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Diy toenail softeners

Updated April 17, 2017

Thick, dry toenails can become a problem if left untreated. These can be very difficult to cut and, when trimmed, they may splinter and break. To avoid any of these from happening, toenails must be softened first. You don't need to go for a pedicure to have this done; you can do it yourself at home anytime, even when you are reading a book. If your toenails have become painful a visit to your podiatrist is a must as toenails may become ingrown or infected with fungus.

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Soak your feet for 20 minutes in warm water with 2/3 of a cup of sea salt. Dry your feet thoroughly. This is a "must do" before any trimming is done to toenails. A sea salt bath will soften your feet and toenails and also reduce the risk of any possible fungus infection and assists in the rejuvenation of cells.

Soak your feet in warm water for 10 minutes before going to bed. Dry them thoroughly. Rub shea or cocoa butter into the toenails. Slip your feet into cotton socks overnight. Have a warm shower in the morning. Toenails will have softened and you can proceed to cut them or file them. When your toenails are too thick and you have scheduled a visit to your podiatrist, do this the day before the visit. It will ease the podiatrist's job and will be easier on your toenails, too.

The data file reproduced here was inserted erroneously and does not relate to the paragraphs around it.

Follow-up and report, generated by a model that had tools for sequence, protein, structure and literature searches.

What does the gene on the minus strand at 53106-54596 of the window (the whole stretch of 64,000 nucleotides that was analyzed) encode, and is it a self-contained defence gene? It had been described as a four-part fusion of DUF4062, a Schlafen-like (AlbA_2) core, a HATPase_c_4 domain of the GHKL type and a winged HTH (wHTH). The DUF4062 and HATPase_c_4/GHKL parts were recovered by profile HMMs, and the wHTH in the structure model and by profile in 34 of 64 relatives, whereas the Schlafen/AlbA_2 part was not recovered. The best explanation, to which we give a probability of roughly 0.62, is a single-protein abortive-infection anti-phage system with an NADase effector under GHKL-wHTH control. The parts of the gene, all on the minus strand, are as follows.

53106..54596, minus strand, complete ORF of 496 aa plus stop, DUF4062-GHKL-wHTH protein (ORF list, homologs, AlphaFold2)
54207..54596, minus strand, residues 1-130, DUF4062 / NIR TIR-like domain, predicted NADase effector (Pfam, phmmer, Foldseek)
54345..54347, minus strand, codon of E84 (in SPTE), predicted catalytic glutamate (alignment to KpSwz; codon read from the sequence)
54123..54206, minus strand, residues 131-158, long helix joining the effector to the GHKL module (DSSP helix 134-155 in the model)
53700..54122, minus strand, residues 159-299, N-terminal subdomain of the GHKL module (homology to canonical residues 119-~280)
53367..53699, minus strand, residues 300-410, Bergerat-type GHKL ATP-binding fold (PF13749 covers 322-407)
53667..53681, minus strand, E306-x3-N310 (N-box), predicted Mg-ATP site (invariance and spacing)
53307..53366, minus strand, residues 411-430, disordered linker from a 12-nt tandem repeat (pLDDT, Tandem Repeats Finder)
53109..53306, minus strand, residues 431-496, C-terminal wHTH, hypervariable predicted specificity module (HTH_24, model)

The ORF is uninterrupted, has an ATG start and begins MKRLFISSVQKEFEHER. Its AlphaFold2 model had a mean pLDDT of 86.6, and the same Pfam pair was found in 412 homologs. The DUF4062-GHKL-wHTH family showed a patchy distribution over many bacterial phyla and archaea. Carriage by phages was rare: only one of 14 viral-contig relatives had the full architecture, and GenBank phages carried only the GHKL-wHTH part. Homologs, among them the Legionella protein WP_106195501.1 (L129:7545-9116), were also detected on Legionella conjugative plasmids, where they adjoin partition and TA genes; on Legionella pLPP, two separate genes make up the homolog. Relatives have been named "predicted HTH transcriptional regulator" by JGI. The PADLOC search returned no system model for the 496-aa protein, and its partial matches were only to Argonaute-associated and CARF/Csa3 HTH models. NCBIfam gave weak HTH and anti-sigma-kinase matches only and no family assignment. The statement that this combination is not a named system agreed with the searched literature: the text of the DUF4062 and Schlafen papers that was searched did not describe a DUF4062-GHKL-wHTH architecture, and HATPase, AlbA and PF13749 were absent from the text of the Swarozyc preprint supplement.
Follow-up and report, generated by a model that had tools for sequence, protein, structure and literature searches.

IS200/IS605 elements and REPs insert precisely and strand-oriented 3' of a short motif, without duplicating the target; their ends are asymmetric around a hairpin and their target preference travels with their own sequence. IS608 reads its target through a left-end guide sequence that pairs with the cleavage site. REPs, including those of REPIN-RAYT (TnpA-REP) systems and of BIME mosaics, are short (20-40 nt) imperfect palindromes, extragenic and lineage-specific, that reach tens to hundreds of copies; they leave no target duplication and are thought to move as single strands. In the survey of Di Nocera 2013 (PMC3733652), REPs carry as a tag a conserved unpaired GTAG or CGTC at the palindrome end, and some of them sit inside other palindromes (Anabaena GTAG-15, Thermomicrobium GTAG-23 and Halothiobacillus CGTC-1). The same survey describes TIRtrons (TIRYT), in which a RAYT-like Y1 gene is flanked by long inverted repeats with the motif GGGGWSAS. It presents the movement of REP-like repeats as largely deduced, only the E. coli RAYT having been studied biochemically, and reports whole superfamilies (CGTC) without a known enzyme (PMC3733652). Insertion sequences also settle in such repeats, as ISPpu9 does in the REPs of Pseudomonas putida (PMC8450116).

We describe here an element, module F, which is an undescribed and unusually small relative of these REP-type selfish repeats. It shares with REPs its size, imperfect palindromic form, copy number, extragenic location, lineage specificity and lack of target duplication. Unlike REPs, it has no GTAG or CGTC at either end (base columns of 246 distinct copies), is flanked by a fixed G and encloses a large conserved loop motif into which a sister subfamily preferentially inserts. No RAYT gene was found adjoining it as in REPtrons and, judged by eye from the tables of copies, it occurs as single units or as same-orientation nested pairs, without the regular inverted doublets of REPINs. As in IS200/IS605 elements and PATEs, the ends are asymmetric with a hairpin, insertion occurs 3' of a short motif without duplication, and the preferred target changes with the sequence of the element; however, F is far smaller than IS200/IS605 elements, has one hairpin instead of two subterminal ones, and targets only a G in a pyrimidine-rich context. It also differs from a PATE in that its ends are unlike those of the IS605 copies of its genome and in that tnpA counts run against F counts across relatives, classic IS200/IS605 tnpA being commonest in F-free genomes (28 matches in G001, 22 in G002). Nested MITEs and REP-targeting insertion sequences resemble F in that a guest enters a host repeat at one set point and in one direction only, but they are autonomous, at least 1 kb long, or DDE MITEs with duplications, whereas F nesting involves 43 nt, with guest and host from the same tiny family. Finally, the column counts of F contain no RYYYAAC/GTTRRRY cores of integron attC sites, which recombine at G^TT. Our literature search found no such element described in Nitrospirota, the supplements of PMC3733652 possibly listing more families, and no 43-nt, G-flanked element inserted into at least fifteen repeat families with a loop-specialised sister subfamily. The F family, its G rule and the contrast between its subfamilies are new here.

Soak your feet for 15 minutes everyday in apple cider vinegar if you suspect that the cause for your thickened toenails may be a fungus infection. Dry your feet and apply tea tree oil to the affected nail and under it. This anti-fungal and antimicrobial oil treatment will clear the problem. If after 15 days it still hasn't cleared, consult your doctor.

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Things You'll Need

  • Plastic tub
  • 2/3 cup of sea salt
  • Shea or cocoa butter
  • Lightweight cotton socks
  • Apple cider vinegar
  • Tea tree oil

About the Author

Cristina Garcia has been a freelance writer since 2009 when she published her first travel ebook. She is a zoologist and has several years of wildlife research experience studying wild canid ecology and behavior. She holds a master's degree in geographical information science from the University of Edinburgh in the U.K., specializing in satellite remote sensing techniques for ecology.

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